GUYSBOROUGH – Back in 1996, the small team at this newspaper debated whether they should invest very limited resources in this new thing called email. That was when one of the staff positions was a typist. News items were sent by mail and typed into the one computer. Cutting and pasting had a more literal meaning then, as news stories and ads were printed out, trimmed, run through a wax machine to get sticky and then positioned onto large layout pages. Logos were physically pasted onto the ads.
Times have changed. And anyone involved in producing a newspaper the old-fashioned way is grateful.
While digital production has been the norm for most of The Journal's 23-year history, the paper had not prioritized its online presence -- until now.
The past week the Guysborough Journal launched its new website, which has evolved into an online portal for Guysborough County and the Eastern Shore. In addition to sharing top news stories without charge, the new site includes real-time Twitter updates, photos and videos, weather updates, local event listings and the editorial.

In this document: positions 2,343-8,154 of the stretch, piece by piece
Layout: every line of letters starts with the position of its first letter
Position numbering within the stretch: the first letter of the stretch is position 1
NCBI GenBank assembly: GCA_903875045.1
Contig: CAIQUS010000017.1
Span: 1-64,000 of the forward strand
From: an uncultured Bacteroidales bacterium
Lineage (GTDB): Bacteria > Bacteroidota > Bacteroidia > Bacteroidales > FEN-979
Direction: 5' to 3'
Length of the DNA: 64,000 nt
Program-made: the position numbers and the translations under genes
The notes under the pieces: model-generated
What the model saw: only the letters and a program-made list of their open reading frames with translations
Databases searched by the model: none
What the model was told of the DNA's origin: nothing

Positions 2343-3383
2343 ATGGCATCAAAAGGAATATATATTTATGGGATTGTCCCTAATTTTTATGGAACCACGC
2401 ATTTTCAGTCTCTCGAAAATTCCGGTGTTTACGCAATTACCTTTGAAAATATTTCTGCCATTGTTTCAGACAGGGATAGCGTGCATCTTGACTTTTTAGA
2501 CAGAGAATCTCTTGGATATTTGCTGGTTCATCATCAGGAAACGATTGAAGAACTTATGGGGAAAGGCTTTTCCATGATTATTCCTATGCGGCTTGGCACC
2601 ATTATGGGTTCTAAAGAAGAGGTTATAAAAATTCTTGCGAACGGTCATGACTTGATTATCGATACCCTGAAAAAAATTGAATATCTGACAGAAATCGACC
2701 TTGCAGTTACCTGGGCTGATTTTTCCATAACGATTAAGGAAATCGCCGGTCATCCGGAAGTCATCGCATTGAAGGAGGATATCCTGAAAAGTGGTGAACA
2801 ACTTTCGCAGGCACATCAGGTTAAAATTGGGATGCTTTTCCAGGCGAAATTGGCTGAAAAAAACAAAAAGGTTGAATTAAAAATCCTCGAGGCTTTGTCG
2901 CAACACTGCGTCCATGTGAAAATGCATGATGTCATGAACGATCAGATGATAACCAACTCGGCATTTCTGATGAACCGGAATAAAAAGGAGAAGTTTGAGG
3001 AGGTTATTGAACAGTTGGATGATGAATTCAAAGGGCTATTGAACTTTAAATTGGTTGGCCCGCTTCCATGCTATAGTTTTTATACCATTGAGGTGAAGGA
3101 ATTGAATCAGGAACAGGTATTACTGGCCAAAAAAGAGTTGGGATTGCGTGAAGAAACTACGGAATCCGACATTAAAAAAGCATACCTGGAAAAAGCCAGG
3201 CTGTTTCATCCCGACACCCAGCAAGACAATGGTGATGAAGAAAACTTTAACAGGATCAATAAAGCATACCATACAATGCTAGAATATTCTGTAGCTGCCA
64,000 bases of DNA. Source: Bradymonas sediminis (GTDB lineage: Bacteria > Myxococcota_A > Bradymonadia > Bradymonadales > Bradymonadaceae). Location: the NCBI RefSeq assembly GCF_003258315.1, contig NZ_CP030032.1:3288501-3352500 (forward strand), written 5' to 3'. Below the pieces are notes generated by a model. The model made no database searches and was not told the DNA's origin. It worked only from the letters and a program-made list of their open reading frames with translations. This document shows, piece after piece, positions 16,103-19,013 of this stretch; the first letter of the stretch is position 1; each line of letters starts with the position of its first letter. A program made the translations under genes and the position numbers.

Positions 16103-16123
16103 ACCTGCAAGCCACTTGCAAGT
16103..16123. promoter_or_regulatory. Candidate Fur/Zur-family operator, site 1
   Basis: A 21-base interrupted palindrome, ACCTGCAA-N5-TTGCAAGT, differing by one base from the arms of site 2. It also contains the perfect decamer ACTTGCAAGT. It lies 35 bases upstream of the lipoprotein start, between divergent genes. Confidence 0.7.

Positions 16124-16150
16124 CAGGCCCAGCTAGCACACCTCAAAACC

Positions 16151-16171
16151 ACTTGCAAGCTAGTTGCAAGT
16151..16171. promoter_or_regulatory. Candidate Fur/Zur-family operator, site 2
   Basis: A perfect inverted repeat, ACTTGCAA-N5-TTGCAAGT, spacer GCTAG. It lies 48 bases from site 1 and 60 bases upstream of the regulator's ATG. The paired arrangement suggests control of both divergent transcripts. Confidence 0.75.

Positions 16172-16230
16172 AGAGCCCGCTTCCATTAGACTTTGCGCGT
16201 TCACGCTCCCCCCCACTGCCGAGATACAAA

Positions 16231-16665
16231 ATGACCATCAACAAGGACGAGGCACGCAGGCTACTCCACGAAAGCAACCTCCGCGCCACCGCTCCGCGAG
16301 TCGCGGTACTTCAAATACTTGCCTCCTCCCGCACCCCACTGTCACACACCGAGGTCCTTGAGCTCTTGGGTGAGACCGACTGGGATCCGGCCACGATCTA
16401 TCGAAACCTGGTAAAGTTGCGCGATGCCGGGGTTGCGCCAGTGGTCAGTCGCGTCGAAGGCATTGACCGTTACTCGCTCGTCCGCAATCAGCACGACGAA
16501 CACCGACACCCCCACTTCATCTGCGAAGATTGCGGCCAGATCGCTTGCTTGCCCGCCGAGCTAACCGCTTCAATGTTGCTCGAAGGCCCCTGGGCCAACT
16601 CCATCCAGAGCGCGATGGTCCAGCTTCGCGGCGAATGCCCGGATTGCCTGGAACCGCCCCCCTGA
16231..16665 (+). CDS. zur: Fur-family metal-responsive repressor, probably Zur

A new-format full digital version is also available, with a deeply discounted subscription of $25 a year.
"We want to make the online version as attractive as possible," says publisher Allan Murphy. "While we are still committed to our print product, we want to give our readers choice. The digital subscription has the benefit of being substantially cheaper and also immediate. There's no waiting for news from home."
As part of its new online presence, The Journal is working with a number of high school students in the role of video journalists. These students are producing video stories for the website to compliment news from the print edition.
"We're very excited about working with young people in the community to bring this new dimension to our storytelling," says Murphy. "And we welcome the opportunity to coach students, through paid work, in the development of new skills."
A full digital subscription comes free with every print subscription, "a choice that gives readers the best of both worlds," says Murphy.
Murphy says the online enhancement is also about positioning the local paper for the future. "It's no secret that it's very challenging to keep community newspapers going these days. And with the kinds of economic and demographic challenges we have in rural Nova Scotia, the struggle is even greater. Our hope is that providing more options for readers and connecting people more broadly with news, views and events close to home, we'll be helping to ensure that Guysborough County and the Eastern Shore have an independent, local paper for many years to come."